If business leaders refuse to settle for second best in consumer satisfaction, then it should also be unacceptable to hold back from becoming one of the best places to work. Fighting for the status of best places to work means holding tightly to high retention rates, employee satisfaction, and productivity. So, where do you stand?
Becoming one of the best places to work cannot be achieved by leadership alone; employees play a major part in getting organizations to this status. Just like any relationship, both sides need to put the work in and feel their efforts add value to the end goal.
Unfortunately, according to the 2016 Employee Engagement Trends report of half a million employees in the 50 Best Places To Work contest by my company, Quantum Workplace, employees’ satisfaction with managers has declined.
Employee engagement has remained stagnant for the last two years, which means it’s time leaders start bringing their ‘A’ game to the office. Here are three ways your company can focus on employees and reach ‘best places to work’ status:
1. Show employees how their work ties into company goals
Poor communication throughout the office will result in disengaged employees. While most employees hope their work is somehow affecting a greater good, they may not know the overall importance of their role to the company, its customers, and the mission.
When your team understands the weight of their role, the likelihood of becoming fully passionate about and dedicated to their goals and the company increases. Communicating the significance of each employee’s position will enhance productivity, retention, and employee referrals.
Gather your team and revisit the company’s mission statement often. As positions change and grow, it’s important to re-evaluate how each employee and the evolving company goals tie into bringing the statement to life.
With the mission statement in mind, begin monthly job description meetings. Have an employee from each department/role host a meeting where they can explain what their job entails and how everyone else’s duties are crucial for their success. Bring dedication to the forefront by showing how their teamwork interconnects to produce the best outcomes possible.
2. Try teamwork and team-building on for size
The sitcom portrayal of slacking co-workers who can’t wait to clock out at the end of the day doesn’t ring true for employees at the best places to work. Actually, our research shows the number of employees who feel their co-workers consistently go the extra mile to achieve great results has risen by 1.8% in the last year.
Success is contagious, but so is slacking. When your employees feel their colleagues are going above and beyond the call of duty, they’ll be more willing to put their best efforts forward. However, if co-workers don’t feel like a cohesive team, this drive for matching each other’s hard work may go by the wayside.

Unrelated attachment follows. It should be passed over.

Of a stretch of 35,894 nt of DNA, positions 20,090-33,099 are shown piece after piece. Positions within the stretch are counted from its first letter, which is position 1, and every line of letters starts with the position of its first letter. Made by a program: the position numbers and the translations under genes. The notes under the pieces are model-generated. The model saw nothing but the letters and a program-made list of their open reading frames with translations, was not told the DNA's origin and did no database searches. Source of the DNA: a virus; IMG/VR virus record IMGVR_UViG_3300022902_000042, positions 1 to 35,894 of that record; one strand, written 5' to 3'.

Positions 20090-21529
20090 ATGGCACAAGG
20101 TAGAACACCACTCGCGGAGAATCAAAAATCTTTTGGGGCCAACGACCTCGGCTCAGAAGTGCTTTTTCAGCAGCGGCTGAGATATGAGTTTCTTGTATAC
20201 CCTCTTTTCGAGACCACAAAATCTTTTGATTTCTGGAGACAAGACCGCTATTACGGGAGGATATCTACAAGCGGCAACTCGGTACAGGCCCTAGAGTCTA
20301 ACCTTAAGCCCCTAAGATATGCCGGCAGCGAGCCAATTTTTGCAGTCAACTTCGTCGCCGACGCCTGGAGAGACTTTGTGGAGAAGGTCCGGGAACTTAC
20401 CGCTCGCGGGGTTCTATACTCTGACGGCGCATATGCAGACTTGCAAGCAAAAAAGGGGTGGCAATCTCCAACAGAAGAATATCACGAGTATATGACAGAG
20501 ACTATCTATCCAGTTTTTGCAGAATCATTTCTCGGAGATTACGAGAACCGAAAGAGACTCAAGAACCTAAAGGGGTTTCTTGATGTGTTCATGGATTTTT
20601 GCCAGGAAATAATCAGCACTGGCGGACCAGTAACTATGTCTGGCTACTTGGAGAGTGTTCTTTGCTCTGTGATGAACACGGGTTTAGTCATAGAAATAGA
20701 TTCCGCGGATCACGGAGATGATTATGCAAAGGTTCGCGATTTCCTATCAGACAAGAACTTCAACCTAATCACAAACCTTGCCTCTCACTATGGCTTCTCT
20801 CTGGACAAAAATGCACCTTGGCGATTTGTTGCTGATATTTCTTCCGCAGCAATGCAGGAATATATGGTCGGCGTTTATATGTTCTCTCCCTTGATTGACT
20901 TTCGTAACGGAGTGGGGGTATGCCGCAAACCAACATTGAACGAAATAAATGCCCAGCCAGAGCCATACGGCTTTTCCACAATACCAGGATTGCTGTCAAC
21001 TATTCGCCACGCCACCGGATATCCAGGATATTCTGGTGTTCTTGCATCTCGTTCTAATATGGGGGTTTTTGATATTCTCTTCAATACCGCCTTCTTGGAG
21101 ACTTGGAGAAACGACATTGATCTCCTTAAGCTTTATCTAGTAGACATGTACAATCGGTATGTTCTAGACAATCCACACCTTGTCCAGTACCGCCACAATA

In fact, out of 1,700 professionals surveyed, 54% believe low performers contribute to a lack of initiative and motivation in the workplace, according to Are Low Performers Destroying Your Culture and Driving Away Your Best Employees?, a May 2015 study by Eagle Hill Consulting. The lack of motivation leads to a work culture where employees feel mediocre performance was acceptable.
Leaders should encourage and facilitate team bonding for both employees in a physical office and remote workers. To enhance motivation and productivity, try an online employee recognition system to help co-workers encourage one another to continue pushing for success.
Even if you’ve reached ‘Best Places To Work’ status, employees will still need to blow off steam. Give everyone a safe place to discuss their shared successes, failures, and concerns with an online communication platform.
Create separate chat rooms for each “team,” this way nobody is worried about what the boss will think about their gripes or requests for support from peers. For those in a shared space, offer a half hour each day — outside of lunch breaks — for co-workers to go on a refreshing walk, or chat over a cup of coffee.
3. Recognize, review, rinse and repeat
Those ranked among the Best Places To Work all agree: keeping the lines of communication open is key to productive and satisfied employees. Unfortunately, our report shows leaders aren’t effectively hitting this key area of engagement. In fact, those who feel their supervisor gives regular constructive feedback on their job performance is down 2.3% and trust in organizations’ leaders has also fallen.
Thanks to a decrease in feedback, manager effectiveness has seen the biggest decline out of 10 cultural elements in our survey. What does this mean for your company? If recognizing employee achievements and frequent reviews aren’t already a part of your company culture, it’s time to add them in.
Frequent one-on-one review meetings with leaders and peer-to-peer reviews can keep expectations and goals in check. Always knowing what needs improvement and where they’re doing well, keeps employees feeling motivated, productive, and successful.
You won’t reach “Best Places To Work” status overnight, but business leaders who invest time and money into their employees will get you there faster. Believe it or not, your team needs more than just a paycheck every other week. If you don’t give them the time, feedback, and dedication they need, they’ll find it somewhere else.
How do you think a company can reach “Best Places To Work” status? Let us know!